After a Hard Rain
We do not have a rain gauge.
You can look it up on the Internet
If it matters.
Or you can
See how the dock sits in the water.
The pond is up two inches, I would say,
We have one of the last wooden docks on
On the east shore,
The top still slick after the storm,
Maybe a little spongy in places
(Barry will give us a quote)
But it will dry.
Caroline and the kids
Will come down in a while
This kind, warm afternoon,
Float in innertubes, read magazines,
And joke of things known to them,
Their sense of family palpable
This kind, warm afternoon.
They are leaving in the morning
And the dock will revert
To its customary solitude.
Now and then Martha and I
Will gingerly ease 80-year-old bodies
Into cooler August waters.
Where They Have To Let You In
Across our New Hampshire pond
The pink and purple
Of dawn and dusk
On brisk September days.
Someone asks if I grew up here.
For years we were summer people
Except my father worked.
Skipping pebbles on the inlet
By the rented cottage,
Clearing the land for our own place,
Steamy summer jobs at the laundry.
Watching children then grandchildren
Take a first plunge
Off the dock.
Since retirement I think of us as
Crisp blue mornings, September into
October, foliage trips
To the Third Connecticut Lake.
Shorts and sweatshirt weather,
A day to get apples.
People ask if I grew up here.
I have started saying yes.
Year of Covid
Almost a year
Since that last public gathering,
The women’s basketball tournament
At the college near Golden Pines.
I have a picture in my camera, my phone,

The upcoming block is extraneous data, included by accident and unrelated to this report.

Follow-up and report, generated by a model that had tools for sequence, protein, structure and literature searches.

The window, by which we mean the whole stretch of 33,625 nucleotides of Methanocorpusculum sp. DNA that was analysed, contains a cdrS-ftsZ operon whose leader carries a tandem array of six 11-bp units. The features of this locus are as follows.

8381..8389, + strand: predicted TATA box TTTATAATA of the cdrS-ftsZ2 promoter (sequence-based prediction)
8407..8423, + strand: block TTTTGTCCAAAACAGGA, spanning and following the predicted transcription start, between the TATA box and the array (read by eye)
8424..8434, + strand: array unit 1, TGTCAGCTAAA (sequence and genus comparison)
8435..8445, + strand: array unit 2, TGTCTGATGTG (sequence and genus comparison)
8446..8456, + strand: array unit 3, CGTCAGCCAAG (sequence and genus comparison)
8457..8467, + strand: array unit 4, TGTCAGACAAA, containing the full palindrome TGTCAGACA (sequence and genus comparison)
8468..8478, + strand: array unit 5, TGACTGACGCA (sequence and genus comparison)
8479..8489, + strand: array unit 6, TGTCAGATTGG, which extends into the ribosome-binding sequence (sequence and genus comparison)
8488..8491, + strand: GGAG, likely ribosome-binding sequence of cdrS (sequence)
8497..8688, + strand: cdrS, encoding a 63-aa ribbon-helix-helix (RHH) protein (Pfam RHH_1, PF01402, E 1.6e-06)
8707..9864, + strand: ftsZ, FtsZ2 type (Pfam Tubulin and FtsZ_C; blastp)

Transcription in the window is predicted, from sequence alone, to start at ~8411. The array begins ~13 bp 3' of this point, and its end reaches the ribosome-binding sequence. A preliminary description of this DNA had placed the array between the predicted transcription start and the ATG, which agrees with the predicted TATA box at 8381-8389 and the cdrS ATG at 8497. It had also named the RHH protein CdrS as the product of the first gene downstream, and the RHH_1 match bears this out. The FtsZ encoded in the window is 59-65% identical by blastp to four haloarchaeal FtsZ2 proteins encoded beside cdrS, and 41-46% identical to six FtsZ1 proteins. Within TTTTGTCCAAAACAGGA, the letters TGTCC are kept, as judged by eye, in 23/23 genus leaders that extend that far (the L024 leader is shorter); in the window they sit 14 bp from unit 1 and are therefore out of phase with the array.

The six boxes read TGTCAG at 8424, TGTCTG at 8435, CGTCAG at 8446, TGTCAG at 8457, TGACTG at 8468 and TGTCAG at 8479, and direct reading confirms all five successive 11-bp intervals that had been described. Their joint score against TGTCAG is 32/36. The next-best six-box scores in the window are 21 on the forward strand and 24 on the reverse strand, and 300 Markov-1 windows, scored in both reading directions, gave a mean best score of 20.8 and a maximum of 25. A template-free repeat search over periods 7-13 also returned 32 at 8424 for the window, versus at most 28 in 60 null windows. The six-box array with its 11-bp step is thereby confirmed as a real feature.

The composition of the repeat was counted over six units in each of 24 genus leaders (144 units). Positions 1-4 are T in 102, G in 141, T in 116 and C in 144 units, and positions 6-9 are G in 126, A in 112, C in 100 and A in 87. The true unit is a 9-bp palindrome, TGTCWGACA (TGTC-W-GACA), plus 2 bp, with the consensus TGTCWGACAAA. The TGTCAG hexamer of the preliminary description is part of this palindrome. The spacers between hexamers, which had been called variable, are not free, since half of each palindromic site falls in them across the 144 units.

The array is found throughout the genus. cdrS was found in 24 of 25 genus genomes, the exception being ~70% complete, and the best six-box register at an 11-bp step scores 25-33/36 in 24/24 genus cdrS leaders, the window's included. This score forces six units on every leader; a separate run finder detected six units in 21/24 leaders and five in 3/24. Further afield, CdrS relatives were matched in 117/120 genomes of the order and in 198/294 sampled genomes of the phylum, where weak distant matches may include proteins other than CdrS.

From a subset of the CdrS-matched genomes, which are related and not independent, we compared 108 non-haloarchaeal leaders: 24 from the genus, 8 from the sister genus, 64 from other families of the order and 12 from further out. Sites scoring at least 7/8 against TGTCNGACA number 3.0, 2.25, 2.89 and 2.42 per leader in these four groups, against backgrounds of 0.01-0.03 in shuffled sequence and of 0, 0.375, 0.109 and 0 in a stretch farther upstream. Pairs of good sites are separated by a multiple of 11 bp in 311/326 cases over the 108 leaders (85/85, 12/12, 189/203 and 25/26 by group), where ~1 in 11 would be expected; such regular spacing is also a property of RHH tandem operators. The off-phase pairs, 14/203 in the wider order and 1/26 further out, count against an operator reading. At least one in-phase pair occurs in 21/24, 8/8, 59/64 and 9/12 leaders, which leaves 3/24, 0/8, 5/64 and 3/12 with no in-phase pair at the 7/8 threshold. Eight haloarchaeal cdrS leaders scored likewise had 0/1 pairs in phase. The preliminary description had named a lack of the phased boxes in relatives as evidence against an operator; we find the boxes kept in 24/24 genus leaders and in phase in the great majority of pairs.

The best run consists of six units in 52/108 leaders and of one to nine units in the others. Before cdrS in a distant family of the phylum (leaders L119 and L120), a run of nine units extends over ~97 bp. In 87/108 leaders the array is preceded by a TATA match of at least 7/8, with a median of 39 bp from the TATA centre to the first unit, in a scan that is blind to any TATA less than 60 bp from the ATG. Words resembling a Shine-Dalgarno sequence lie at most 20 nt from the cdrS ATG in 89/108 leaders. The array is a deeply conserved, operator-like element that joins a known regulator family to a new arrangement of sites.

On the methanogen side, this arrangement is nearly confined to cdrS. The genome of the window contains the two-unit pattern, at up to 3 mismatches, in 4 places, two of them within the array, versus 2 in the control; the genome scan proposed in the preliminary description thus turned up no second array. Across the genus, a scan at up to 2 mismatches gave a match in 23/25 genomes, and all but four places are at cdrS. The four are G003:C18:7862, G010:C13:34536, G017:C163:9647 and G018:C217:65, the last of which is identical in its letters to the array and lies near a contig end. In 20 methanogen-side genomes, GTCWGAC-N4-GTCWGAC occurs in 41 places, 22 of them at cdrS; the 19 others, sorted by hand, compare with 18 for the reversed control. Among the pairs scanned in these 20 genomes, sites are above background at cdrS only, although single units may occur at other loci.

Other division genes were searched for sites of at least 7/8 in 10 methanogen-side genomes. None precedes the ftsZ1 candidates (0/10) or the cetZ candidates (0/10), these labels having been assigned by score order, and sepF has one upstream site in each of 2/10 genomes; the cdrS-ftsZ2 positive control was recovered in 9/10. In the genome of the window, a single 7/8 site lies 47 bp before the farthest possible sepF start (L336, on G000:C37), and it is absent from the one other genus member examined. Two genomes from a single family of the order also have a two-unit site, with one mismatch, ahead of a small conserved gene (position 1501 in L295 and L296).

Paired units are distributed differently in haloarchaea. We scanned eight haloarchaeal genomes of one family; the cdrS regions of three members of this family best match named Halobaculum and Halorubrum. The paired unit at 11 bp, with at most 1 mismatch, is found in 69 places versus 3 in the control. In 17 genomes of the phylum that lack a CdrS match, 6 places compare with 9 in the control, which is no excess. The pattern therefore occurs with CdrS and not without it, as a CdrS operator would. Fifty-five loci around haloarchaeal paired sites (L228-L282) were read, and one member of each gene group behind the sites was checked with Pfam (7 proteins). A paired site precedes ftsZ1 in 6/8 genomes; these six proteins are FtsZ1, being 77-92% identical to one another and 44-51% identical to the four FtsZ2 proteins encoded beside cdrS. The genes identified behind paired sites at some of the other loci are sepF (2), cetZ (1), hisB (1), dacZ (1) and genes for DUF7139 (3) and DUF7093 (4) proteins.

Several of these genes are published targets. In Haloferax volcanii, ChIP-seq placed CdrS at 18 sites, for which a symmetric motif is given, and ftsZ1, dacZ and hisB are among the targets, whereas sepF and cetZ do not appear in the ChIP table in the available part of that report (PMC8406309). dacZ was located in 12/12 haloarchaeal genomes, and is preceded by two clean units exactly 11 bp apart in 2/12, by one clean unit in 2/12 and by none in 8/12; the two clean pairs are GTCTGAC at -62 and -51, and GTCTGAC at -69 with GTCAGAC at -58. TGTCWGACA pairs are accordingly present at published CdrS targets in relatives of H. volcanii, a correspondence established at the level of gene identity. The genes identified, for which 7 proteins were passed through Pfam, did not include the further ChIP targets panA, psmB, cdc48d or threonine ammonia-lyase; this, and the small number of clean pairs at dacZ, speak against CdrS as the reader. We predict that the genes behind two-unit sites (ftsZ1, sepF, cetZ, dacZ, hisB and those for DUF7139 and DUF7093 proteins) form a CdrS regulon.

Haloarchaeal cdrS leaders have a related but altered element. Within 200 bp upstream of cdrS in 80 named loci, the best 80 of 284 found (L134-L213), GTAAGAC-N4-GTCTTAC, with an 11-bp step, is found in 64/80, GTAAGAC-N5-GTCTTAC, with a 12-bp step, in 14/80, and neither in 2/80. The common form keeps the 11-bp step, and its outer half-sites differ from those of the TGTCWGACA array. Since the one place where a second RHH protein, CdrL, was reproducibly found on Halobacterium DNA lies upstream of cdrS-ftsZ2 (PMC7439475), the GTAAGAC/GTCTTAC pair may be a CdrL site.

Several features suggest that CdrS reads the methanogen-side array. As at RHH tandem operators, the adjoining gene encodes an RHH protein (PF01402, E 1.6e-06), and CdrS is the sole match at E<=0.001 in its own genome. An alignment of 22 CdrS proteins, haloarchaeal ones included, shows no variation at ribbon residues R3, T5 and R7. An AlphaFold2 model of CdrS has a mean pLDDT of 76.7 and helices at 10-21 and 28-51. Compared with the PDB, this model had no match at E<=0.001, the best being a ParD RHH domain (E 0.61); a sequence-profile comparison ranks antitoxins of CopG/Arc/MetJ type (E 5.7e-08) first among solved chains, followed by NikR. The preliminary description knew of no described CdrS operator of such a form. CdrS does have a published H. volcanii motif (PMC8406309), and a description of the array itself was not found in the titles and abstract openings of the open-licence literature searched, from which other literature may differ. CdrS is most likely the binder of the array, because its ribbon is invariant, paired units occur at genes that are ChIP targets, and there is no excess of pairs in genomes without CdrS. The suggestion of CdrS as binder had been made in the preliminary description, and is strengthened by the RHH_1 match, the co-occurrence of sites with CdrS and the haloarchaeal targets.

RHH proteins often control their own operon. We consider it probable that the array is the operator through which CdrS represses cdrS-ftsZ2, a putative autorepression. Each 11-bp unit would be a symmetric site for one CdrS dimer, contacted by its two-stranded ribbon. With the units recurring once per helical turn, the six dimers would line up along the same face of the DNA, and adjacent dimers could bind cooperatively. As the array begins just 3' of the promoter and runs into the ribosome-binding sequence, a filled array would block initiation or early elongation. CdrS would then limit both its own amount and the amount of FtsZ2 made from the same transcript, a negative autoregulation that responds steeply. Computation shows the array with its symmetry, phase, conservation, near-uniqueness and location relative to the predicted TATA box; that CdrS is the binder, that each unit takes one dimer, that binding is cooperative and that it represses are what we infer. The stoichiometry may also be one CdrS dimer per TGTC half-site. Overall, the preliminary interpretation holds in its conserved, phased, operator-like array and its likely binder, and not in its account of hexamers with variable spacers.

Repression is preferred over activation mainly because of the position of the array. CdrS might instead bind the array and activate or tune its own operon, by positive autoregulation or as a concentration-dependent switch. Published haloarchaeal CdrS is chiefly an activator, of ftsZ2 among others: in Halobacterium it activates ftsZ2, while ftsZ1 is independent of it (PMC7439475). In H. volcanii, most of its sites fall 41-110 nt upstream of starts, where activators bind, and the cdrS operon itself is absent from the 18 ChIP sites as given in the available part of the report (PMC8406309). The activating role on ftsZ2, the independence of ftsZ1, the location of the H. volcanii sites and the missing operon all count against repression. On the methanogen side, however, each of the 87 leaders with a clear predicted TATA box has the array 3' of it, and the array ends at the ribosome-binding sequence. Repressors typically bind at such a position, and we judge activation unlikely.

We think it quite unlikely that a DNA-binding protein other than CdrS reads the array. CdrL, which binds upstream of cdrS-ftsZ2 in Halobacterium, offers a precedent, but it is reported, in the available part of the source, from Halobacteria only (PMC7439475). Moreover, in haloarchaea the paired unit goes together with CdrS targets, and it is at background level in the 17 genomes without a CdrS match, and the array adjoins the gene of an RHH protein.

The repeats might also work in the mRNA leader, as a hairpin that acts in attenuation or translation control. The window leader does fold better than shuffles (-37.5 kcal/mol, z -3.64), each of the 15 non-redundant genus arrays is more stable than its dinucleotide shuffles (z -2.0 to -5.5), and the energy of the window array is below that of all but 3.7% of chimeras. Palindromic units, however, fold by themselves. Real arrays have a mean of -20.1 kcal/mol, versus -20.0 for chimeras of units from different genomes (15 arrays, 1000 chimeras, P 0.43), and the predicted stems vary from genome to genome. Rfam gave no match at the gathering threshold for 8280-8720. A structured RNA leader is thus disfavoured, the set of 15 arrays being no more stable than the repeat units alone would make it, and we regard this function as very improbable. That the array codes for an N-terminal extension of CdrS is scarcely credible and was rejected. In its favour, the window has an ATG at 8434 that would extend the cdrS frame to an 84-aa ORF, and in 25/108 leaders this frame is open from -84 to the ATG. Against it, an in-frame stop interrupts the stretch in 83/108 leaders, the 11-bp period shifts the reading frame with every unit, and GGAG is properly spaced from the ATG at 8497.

Girls in teal shorts
Bringing the ball up court,
Captured in time.
Their season will end in 20 minutes.
The losers know this already,
But the winners don’t, their hopefulness
Captured in time,
In my camera, my phone.
In the months since
We have learned how to work
The drive-up app
On our phone.
We get groceries early on Sundays,
We take classes on Zoom
That we would skip
Out walking, I cross the street
To avoid people without masks,
Valuing some things more
Than neighborly companionship.
For that we have each other,
Susan and I. It wears well,
As one would hope it might
After 57 years.
In my camera they have not moved,
The girls in the teal shorts,
The other team, the pep band,
The handful of people, probably parents,
Who have driven up for the game,
Captured in time, their looks of
Hope and expectation,
Those girls from Pompeii
In teal basketball shorts,
Bringing the ball up court.
Robert Demaree is the author of four book-length collections of poems, including Other Ladders published in 2017 by Beech River Books. His poems have received first place in competitions sponsored by the Poetry Society of New Hampshire and the Burlington Writers Club. He is a retired school administrator with ties to North Carolina, Pennsylvania and New Hampshire. Bob’s poems have appeared in over 150 periodicals including Cold Mountain Review and Louisville Review.
You can find more of Bob’s poems here on Ink Pantry.